Nvidia announced Sunday that it is acquiring chip designer Arm from SoftBank in a deal valued at $40 billion.
Arm Holdings is the semiconductor conductor whose ARM architecture Apple has long licensed for its A-series chips for iPhone and iPad. It is also crucial to the upcoming Apple Silicon processors for Mac. Under the new ownership, Arm will continue its current “open-licensing model.”
The possibility of a Nvidia Arm acquisition was first raised earlier this year. At the time, it was reported that Apple had participated in early stage conversations with SoftBank about acquiring its Arm Holdings. However, it dropped out of talks. This may have been because of concerns about how Arm’s licensing operation would fit within Apple’s business model.
One question mark with the deal is what it will mean to have Nvidia run a company Apple works so closely with. Apple and Nvidia’s relationship has been strained over the years. Failing Nvidia GPUs in Apple’s MacBooks 12 years ago resulted in Apple offering free repairs and refunds. Apple subsequently began using AMD GPUs. Things haven’t really gotten better since then.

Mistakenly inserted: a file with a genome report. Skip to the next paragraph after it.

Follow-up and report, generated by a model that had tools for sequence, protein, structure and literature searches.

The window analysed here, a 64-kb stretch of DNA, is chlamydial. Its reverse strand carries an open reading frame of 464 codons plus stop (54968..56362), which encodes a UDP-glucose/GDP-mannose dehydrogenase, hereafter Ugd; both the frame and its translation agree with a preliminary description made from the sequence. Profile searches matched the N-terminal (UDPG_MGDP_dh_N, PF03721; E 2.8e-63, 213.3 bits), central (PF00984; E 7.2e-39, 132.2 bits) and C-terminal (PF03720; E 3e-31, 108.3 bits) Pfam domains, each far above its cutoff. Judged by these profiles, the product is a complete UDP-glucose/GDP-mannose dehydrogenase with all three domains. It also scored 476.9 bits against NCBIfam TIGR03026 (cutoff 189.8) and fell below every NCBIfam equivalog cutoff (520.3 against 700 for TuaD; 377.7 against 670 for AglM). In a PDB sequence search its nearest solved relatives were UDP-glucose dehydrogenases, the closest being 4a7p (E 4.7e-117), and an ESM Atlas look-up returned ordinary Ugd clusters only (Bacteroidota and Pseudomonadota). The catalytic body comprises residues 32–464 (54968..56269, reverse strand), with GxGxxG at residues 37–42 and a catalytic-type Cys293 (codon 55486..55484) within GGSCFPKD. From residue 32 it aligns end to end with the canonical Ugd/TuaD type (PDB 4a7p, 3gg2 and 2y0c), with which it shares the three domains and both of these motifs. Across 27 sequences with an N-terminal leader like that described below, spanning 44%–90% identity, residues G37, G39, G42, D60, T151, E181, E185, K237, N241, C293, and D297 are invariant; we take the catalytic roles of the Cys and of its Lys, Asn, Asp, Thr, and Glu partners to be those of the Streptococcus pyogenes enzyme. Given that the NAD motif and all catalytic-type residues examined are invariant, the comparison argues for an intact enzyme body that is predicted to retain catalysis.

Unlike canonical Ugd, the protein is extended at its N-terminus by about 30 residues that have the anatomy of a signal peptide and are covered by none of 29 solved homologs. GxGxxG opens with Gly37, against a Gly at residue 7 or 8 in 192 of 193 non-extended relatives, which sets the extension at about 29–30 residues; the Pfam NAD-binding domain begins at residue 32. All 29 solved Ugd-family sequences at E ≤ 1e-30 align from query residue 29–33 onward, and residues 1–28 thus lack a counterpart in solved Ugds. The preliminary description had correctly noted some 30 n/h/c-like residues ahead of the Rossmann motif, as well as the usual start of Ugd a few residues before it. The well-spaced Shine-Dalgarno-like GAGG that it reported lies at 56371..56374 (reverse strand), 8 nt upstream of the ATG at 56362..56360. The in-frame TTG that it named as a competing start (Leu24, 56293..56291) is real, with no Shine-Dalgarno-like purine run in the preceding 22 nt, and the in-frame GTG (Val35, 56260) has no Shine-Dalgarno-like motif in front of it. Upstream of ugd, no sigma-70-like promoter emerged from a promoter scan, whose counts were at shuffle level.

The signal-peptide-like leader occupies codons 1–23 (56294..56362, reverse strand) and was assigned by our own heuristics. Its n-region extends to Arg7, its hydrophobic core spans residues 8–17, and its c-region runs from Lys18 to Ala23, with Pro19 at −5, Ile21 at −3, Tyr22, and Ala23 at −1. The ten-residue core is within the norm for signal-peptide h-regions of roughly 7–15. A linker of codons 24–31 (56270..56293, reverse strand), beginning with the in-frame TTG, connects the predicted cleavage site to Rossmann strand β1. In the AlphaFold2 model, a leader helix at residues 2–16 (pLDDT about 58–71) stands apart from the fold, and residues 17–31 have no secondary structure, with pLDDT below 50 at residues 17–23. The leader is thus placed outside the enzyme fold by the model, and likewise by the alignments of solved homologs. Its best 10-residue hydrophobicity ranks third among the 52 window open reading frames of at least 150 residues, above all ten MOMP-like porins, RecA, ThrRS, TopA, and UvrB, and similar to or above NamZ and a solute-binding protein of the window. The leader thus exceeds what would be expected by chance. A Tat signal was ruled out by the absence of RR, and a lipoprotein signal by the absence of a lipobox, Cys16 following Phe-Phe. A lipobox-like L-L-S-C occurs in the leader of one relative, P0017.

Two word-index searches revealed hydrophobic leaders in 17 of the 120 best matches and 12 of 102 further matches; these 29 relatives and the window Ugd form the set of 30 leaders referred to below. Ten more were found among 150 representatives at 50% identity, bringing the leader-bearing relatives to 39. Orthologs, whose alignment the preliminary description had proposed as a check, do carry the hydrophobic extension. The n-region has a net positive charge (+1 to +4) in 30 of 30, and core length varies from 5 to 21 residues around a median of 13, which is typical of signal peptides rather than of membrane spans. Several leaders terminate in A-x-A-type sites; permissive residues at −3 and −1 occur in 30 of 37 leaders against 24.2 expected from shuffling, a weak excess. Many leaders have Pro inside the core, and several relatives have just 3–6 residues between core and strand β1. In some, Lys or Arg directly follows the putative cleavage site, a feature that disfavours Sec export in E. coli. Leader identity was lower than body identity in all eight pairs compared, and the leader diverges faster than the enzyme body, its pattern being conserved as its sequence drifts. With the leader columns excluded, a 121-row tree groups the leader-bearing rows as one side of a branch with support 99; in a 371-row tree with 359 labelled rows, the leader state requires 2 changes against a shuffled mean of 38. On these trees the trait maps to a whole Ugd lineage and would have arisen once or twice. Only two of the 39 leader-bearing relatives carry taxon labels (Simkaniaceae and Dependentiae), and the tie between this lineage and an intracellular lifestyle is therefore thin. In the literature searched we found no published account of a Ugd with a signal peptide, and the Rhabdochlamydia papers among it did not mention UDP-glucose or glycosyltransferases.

This deal means that both companies will, once again, be working together. But there is likely no reason for concern. Apple has a perpetual license for the ARM instruction set, which means Apple is safe from having any license revoked or similar due to any kind of falling out.
Before any of this becomes a big deal, though, regulatory approval has to be granted. This will need to take place in the U.S., Europe, China, and the UK. Completion of the deal is expected to take around 18 months.